Shorter Mansion


The Shorter Mansion, built in 1884, is now Shorter MansionThe Shorter Mansion, one of Eufaula's most opulent homes, was constructed over a period of five years from 1901 to 1906 by Eli Sims Shorter II and his wife, Wileyna Lamar Shorter. Named to the National Register of Historic Places in 1972 and included in the Historic American Buildings Survey, the mansion is located in the Seth Lore and Irwinton Historic District of Eufaula, Barbour County. The house was designed and built by Frank Lockwood and his son Frank Lockwood Jr. of Montgomery at the then-remarkable cost of $100,000. Today, the mansion houses the Eufaula Historical Museum and serves as headquarters of the Eufaula Heritage Association.

John Gill Shorter was Alabama's governor from 1861 John Gill ShorterEli Shorter II graduated in 1874 from Howard College (now Samford University) in Marion, Perry County, intending to practice law like his father, Eli Sims Shorter, and his uncle, Alabama governor John Gill Shorter. He married Wileyna Lamar in 1884, and the couple would have three children. Wileyna was the daughter of Col. Henry J. and Valeria Bathsheba Jones Lamar; Valeria was heir to the S.S.S. Tonic Company, one of the most profitable patent medicine companies in the nineteenth century. Immediately after their marriage in Macon, Georgia, Eli and Wileyna Shorter moved into his three-room cottage at 340 North Eufaula Avenue. Accounts disagree as to what happened to Shorter's original home. Some say fire destroyed it in 1900, while other sources indicate that it was simply expanded and included in the 1901 renovation.

Affectionately described as "Eli's Folly" or "The House S.S.S. Tonic Built," the 8,700-square-foot home is situated on land purchased by Eli Shorter II from his neighbor in 1901. The Neoclassical Revival mansion took five years to complete, with expert craftsmen creating its six-layer moldings, hand-carved wall sculptures, inset mirrors over fireplaces, and elaborate interior and exterior Corinthian columns. Hand-cut parquet wooden floors on the first floor were constructed from planks of mahogany, oak, and walnut and laid in three different patterns: chevron, hexagonal tiling, and interlaced ribbons.

The highly detailed decorative Corinthian columns found at Column Detail, Shorter MansionThe white stucco mansion is distinguished by the 17 distinctive Corinthian columns that line the front porch. Topped with curling acanthus leaves and scrolls, each side of the columns' capitals is decorated with a flower that bears an "S" in the center (in place of the pistil). Above the columns, wrapping around the entire building, is a frieze of oak leaves and stems; a small curved balcony sits over the front entrance. Six identical columns can be found inside the mansion, with one pair located in the entryway, a second pair in the double parlors, and a third pair in the upstairs master bedroom.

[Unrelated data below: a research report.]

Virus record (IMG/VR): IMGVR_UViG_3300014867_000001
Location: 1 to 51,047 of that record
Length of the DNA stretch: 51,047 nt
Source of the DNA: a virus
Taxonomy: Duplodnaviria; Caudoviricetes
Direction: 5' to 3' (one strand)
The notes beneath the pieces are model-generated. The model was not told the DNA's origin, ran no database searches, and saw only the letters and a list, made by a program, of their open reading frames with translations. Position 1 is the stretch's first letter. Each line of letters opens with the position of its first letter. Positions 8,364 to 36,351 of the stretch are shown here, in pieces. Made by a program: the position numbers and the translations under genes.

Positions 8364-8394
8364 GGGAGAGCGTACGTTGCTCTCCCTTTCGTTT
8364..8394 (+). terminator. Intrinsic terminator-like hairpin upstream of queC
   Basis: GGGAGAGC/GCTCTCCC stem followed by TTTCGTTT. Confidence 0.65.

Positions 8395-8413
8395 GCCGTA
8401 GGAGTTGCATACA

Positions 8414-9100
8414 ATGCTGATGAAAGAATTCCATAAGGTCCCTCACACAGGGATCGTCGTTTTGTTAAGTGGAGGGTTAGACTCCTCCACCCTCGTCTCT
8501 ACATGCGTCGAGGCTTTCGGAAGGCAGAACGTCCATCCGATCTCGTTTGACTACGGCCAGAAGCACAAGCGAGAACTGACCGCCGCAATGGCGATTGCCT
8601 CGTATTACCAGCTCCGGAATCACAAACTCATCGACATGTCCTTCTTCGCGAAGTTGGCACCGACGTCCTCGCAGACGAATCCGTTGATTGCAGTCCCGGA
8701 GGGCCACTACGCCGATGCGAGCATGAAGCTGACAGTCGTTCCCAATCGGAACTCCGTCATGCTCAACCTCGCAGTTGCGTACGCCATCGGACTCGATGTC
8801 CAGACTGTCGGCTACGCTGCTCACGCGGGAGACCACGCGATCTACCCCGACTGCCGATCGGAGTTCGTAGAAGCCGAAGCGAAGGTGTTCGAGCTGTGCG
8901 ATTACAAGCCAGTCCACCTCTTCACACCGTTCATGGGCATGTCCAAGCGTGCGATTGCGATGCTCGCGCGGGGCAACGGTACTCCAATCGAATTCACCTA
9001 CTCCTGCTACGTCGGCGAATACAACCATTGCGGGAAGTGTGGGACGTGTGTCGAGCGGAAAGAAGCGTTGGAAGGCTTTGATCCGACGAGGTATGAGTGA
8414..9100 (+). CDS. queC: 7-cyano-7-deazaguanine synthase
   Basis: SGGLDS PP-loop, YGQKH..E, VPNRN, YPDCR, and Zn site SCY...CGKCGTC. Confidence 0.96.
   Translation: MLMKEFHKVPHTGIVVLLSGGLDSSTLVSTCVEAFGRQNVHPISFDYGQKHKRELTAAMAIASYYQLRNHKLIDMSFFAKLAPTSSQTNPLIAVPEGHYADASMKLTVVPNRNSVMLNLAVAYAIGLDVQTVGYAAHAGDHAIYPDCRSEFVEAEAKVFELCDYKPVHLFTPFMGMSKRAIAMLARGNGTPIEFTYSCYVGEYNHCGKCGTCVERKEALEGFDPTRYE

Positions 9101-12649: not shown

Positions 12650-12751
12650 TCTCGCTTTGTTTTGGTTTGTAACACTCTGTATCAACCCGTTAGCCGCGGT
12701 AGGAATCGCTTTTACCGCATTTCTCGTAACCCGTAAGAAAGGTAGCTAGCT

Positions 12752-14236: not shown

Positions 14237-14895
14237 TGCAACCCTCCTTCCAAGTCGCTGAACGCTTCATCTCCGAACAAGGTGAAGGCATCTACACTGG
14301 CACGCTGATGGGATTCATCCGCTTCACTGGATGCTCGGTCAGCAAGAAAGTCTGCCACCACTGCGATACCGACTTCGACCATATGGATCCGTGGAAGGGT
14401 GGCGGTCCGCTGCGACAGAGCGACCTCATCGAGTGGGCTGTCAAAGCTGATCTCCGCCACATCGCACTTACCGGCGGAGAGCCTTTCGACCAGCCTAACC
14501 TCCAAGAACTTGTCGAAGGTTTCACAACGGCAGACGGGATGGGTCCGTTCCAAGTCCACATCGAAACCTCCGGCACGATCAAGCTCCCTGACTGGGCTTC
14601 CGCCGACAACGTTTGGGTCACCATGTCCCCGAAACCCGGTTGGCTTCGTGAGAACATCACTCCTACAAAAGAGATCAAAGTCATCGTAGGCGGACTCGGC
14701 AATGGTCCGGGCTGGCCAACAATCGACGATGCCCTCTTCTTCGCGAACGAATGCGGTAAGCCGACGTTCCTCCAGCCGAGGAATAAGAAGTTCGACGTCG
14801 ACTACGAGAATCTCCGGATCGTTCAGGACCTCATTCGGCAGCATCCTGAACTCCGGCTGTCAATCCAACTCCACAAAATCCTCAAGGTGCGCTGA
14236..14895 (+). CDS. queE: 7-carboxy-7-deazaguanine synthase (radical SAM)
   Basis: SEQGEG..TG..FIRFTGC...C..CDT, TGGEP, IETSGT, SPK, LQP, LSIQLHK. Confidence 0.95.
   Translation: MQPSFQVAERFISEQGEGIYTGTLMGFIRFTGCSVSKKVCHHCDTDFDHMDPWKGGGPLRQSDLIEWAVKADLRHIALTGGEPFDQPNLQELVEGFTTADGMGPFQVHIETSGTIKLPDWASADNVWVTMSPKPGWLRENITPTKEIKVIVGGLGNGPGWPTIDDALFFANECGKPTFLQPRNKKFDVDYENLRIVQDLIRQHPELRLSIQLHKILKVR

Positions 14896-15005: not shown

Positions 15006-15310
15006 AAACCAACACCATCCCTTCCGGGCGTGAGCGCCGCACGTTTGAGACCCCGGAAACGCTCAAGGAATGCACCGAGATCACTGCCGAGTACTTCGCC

The front and back doors feature beveled leaded plate glass arranged in a lotus-blossom design. The rooms on the ground floor include the entryway, double parlor, dining room, sitting room, library, and solarium with curved glass windows, a new technology for the period. A large staircase leads to the second floor, which houses five bedrooms and a master bath. Above the downstairs back porch is a second screened room that served as the family's summer sleeping area.

The parlor in the Shorter Mansion features decorative Parlor, Shorter Mansion The double parlor features hand-sculpted stippled panels and fireplace mantles with bead molding in a honeysuckle design. Sliding doors in the dining room are decorated with glass panels that were frosted through a painstaking process using patterns of glue on marble. The brick gardening and planting shed is the only extant grounds building on the property. The outdoor kitchen is no longer there. A backyard pavilion, completed in 2013, provides a space for events and parties.

The upstairs bedrooms in Eufaula’s Shorter Mansion are Museum Display, Shorter MansionIn 1965, Wileyna S. Kennedy, who inherited the mansion from her mother, Fannie Shorter Upshaw (daughter of the Shorters), put the mansion up for auction, and the newly formed Eufaula Heritage Association placed the winning bid of $33,000. The Eufaula Historical Museum displays nineteenth and early twentieth-century clothing, furnishings, and toys and provides visitors with an interpretive exhibit of everyday life from that period in Eufaula and Barbour County. Portraits and memorabilia from the six state governors who hailed from Barbour County are showcased in the Governor's Parlor. The Shorter Mansion is open year round and hosts the annual Eufaula Pilgrimage on the first weekend in April. The mansion is also part of the Christmas tour of homes held on the first Saturday of December.

Additional Resources  

Eufaula Heritage Association. Historic Eufaula: A Treasury of Southern Architecture, 1827-1910. Eufaula, Ala: Eufaula Heritage Association, in conjunction with Alabama State Council on the Arts and Humanities, National Endowment for the Arts and Humanities, 1972.

Gamble, Robert S., and Historic American Buildings Survey. The Alabama Catalog: Historic American Buildings Survey. Tuscaloosa: University of Alabama Press, 1987.

"Historic Eufaula, Ala." Colonial Homes 17 (June 1991): 70–93, 138, 151.

Matlack, Carol. "Eufaula: Success of Preservation in Beautiful Southern Town Is Attributed to Good Luck and Low-Key, Friendly Persuasion." American Preservation 2 (October 1978): 9–21.

Smith, Joel F. "History in Towns: Eufaula, Alabama." Antiques 114 (September 1978): 520–27.

Kasia Leousis
Auburn University


Published August 15, 2014
Last updated August 15, 2014